With both strengths and flaws, the initiative is based on the US Green New Deal, and aims to limit global warming to a maximum of 2 °C, compared to pre-industrial times. It even proposes additional measures to keep that temperature increase below 1.5 °C; although, according to the WMO, global temperature in 2020 was already 1.2 °C higher than a century ago.

One of the most prominent lines of work within the program is the so-called Farm to Fork strategy, which aims to make the European food system more sustainable and environmentally friendly, reduce food loss and waste, and ensure the availability of affordable, nutritious food, while reducing the environmental impact.

Two years ago, the President of the European Commission, Ursula von der Leyen, declared that this European Green Deal would help us show the rest of the world how to be sustainable and competitive, so that we could convince other countries and organizations to join the challenge. The European Green Deal is our new growth strategy – for a growth that gives back more than it takes away”, she explained. Von der Leyen not only spoke about the need “to transform our way of living and working, of producing and consuming, so that we live healthier”. She also talked about business and profitability. Community bodies see the transition to a green economy as an opportunity to develop a business sector based on innovation, upon which a world-leading European economy may be built.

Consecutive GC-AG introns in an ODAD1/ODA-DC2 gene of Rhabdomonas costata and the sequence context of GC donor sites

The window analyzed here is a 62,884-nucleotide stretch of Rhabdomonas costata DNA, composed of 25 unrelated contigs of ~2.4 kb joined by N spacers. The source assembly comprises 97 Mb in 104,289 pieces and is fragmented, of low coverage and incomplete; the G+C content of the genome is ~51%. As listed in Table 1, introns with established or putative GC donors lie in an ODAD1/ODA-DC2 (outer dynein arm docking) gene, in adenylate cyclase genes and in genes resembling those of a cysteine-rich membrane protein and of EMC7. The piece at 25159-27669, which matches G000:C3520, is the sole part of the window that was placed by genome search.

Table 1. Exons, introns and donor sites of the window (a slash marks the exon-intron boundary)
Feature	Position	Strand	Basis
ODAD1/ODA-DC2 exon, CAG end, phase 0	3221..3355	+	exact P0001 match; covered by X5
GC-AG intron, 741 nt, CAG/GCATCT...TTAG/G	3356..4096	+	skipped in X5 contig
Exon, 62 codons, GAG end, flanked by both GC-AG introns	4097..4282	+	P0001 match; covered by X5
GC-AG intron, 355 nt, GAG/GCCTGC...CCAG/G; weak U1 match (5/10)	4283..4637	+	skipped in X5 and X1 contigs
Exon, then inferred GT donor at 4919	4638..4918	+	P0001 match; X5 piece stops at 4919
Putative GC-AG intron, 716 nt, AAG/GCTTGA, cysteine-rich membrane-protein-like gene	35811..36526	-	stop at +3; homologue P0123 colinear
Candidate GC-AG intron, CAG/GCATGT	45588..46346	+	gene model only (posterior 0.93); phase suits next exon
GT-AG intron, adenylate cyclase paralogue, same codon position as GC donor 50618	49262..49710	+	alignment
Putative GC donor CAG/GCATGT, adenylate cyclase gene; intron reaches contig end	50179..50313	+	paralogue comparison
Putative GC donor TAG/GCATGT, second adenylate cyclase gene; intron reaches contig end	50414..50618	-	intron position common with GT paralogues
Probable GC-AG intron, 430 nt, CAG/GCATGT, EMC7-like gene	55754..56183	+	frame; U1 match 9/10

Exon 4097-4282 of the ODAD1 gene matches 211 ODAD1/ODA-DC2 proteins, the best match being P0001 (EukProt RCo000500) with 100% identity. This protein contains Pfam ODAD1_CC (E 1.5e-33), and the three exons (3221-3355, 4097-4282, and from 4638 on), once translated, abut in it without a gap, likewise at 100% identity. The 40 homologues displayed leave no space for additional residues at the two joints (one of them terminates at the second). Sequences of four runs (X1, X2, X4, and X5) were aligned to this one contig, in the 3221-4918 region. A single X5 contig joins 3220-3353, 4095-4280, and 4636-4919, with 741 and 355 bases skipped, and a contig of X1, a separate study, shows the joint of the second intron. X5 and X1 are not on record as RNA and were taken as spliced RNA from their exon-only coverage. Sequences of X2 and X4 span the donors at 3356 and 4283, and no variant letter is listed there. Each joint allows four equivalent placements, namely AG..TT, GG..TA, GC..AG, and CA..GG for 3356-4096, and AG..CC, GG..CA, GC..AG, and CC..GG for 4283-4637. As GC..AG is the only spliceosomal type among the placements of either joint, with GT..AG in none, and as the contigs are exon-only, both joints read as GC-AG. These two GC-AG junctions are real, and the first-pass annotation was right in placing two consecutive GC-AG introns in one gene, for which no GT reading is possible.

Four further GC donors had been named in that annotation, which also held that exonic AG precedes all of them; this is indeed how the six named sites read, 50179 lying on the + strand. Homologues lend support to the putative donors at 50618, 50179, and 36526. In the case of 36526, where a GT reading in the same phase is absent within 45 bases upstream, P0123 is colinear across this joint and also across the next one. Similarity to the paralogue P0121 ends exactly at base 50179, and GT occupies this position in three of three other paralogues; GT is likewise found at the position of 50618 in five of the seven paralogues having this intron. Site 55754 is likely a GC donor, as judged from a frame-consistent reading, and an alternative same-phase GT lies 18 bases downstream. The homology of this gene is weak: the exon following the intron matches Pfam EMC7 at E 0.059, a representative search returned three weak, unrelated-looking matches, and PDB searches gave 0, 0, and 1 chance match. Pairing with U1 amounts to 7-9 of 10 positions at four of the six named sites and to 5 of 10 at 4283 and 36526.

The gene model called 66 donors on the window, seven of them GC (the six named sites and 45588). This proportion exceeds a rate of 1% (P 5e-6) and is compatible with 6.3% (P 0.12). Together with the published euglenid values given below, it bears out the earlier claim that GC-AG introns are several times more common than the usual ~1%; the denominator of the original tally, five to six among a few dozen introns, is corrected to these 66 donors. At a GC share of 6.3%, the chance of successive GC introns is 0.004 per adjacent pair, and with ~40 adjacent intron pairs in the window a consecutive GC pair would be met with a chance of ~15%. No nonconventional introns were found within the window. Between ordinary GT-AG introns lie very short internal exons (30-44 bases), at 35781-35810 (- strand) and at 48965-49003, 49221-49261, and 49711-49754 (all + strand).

Key aspects of the Farm to Fork strategy